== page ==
Secondly, it makes us dependent on God’s means rather than our own

Romans 10:17 says, “faith comes from hearing, and hearing through the word of Christ.” I think as parents one of the biggest things we want is for our children to come to Christ. And so what I’m advocating for here, is instead of getting your kids to say a canned prayer, keep sharing the gospel. Do we call out to God to be saved? Of course we do! Of course we pray. But to genuinely call out to God in saving faith is only in response to God’s effectual work.

And how does God work? Through gospel proclamation. So, keep pointing them to Christ. Keep telling them the truth of the work of Jesus. And depend on God to give life.

Certainly, it is good to pray with them. And pray for them. And don’t lose heart and don’t try to force something that you cannot effect. You can control praying for them. And you can control sharing the gospel with them and calling them to repent and believe it. You can control putting the scriptures before their little eyes; singing faithful songs; talking about the things of Christ and His gospel.

And for the rest, trust the Lord. Trust the Lord to work through His appointed means — prayer, gospel proclamation, scripture intake, and the local church. You see, some try to get kids or adults to pray something they don’t even understand. They don’t understand the gospel. They don’t understand repentance. They don’t understand a desire to follow Christ.

And we’ve come to think we can just magically create our regeneration with words. But this is not true. You must “be” born again. This isn’t what we do, it’s what God does. Christianity is supernatural.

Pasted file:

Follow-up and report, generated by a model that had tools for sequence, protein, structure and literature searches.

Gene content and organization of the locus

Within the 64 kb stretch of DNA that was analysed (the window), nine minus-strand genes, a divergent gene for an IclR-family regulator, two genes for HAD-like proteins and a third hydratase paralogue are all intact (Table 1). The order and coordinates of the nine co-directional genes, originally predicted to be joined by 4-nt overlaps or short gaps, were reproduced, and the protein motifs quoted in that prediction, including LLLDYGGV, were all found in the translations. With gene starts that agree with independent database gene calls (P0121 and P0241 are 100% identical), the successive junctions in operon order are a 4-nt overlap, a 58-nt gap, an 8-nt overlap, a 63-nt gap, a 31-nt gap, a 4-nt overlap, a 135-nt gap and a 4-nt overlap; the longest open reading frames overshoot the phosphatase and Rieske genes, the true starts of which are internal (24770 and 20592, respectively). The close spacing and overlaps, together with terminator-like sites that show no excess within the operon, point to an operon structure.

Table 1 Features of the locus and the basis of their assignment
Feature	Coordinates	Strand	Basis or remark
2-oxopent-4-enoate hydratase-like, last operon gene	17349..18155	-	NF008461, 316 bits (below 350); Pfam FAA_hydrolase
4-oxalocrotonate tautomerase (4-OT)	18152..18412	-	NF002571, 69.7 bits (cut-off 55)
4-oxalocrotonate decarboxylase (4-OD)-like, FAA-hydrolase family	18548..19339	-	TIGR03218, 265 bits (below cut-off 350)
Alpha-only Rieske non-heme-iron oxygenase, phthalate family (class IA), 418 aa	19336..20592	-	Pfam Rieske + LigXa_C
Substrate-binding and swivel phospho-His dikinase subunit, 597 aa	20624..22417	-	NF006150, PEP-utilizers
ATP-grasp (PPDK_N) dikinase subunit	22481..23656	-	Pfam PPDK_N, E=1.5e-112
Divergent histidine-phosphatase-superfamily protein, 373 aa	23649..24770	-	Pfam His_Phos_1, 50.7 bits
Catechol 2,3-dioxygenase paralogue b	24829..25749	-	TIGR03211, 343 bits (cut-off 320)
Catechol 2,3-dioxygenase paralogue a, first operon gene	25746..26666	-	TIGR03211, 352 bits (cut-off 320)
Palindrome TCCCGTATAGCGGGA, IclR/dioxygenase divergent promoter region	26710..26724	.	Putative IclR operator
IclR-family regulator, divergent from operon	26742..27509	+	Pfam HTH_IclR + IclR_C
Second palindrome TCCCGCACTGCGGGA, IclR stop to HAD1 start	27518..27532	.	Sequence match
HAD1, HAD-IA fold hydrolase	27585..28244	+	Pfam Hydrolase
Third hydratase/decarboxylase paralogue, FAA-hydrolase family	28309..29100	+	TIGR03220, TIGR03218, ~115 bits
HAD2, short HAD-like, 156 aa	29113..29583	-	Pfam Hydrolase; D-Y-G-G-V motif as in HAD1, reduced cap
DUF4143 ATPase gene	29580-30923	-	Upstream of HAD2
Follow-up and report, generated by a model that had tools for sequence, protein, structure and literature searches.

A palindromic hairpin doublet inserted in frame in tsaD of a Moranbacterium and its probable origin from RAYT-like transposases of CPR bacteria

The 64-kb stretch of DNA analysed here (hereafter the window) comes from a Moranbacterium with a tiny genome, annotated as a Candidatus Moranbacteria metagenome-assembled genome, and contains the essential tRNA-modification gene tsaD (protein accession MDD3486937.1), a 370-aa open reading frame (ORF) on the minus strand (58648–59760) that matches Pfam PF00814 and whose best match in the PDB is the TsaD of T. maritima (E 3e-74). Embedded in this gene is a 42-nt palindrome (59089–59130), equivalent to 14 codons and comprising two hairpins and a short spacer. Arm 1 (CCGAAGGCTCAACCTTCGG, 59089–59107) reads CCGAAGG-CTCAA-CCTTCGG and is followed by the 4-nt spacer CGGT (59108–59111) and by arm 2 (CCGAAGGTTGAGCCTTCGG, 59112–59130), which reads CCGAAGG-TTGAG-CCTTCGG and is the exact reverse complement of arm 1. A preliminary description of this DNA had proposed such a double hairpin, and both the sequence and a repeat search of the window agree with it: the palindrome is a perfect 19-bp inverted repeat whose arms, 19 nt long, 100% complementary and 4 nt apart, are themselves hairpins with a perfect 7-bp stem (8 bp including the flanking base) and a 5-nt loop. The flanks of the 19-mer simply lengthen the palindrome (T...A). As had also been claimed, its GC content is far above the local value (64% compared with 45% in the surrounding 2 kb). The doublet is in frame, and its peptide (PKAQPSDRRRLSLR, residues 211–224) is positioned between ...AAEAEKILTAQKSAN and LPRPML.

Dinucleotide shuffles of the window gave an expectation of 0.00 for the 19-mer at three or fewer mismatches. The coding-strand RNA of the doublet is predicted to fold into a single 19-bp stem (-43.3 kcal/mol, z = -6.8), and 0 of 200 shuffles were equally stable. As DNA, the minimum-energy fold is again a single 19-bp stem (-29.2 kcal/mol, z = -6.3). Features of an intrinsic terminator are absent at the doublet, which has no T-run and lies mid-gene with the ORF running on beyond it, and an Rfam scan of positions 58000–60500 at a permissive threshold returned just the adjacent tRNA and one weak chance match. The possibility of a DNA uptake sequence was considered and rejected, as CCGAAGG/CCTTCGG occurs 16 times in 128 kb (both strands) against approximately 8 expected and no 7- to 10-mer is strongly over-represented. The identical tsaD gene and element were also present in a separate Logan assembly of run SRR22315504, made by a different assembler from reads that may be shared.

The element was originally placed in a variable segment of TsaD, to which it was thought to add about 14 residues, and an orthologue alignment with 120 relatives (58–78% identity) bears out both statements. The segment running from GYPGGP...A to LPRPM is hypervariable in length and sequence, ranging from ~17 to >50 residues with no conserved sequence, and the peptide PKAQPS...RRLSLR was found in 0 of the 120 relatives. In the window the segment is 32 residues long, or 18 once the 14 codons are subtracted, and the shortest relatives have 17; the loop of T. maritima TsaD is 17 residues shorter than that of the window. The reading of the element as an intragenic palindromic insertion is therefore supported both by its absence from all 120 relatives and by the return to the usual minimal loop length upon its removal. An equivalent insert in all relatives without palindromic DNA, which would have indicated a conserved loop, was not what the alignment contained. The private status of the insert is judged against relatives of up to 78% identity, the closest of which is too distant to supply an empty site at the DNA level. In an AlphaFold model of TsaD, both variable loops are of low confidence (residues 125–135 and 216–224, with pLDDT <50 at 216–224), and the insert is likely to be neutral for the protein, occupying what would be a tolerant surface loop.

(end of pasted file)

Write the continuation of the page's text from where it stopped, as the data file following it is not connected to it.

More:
But here is the glorious news, as John Bunyan preached, “To be saved by grace supposeth that God hath taken the salvation of our souls into his own hand; and to be sure it is safer in God’s hand than ours.”[5]

Oh, the new birth is safer in God’s hand than ours! We can trust our children’s souls, our neighbors’ souls, and the nations’ souls, to a sovereign and gracious God. We preach, we pray, we plead, we persist—and we trust God with the results for, “Salvation belongs to the Lord!” (Jonah 2:9). Truly many will reject the glorious gospel of Jesus Christ and continue in their hardness of heart. But it will not be this way for all. God will work in His sovereign grace through the gospel in bringing many sons and daughters to glory.


[1] R. C. Sproul, What Does It Mean to Be Born Again?, vol. 6, The Crucial Questions Series (Lake Mary, FL: Reformation Trust Publishing, 2010), 25.

[2] Benjamin Keach, An Exposition of the Parables and Express Similitudes of Our Lord and Saviour Jesus Christ (London: Aylott and Co., 1858), 342–343.

[3] John MacArthur and Richard Mayhue, ed. Biblical Doctrine: A Systematic Summary of Bible Truth (Wheaton: Crossway, 2017), 586.

[4] D. Martyn Lloyd-Jones, Born of God: Sermons from John, Chapter One (Carlisle, PA Banner of Truth Trust, 2011),  233.

[5] John Bunyan, Saved by Grace, vol. 1 (Bellingham, WA: Logos Bible Software, 2006), 354.

1 thought on “Christianity is Supernatural”

  1. Regeneration is undoing the supernatural depravity God had us born with so that we might finally be judged and rewarded by our actions, rather than viciously damned for our unbelief.
    Regeneration means that our good deeds are no longer supernaturally counted as filthy rags. The convert’s behavior doesn’t change in the slightest. In fact the gospel is a livcense to lawlessness if you are so releaved from threats of hell that you forget that God will judge us according to our deeds in proportion to our deeds, instead of judging us according to his perfectness that he made unavailable to us before. The “supernatural” is an extranatural change in God’s policy to the regenerated individual. If Christianity were supernatural, the born-again would be imbued with real virtue, talk with angels and heal the sick.
    Christianity is extranatural, not supernatural.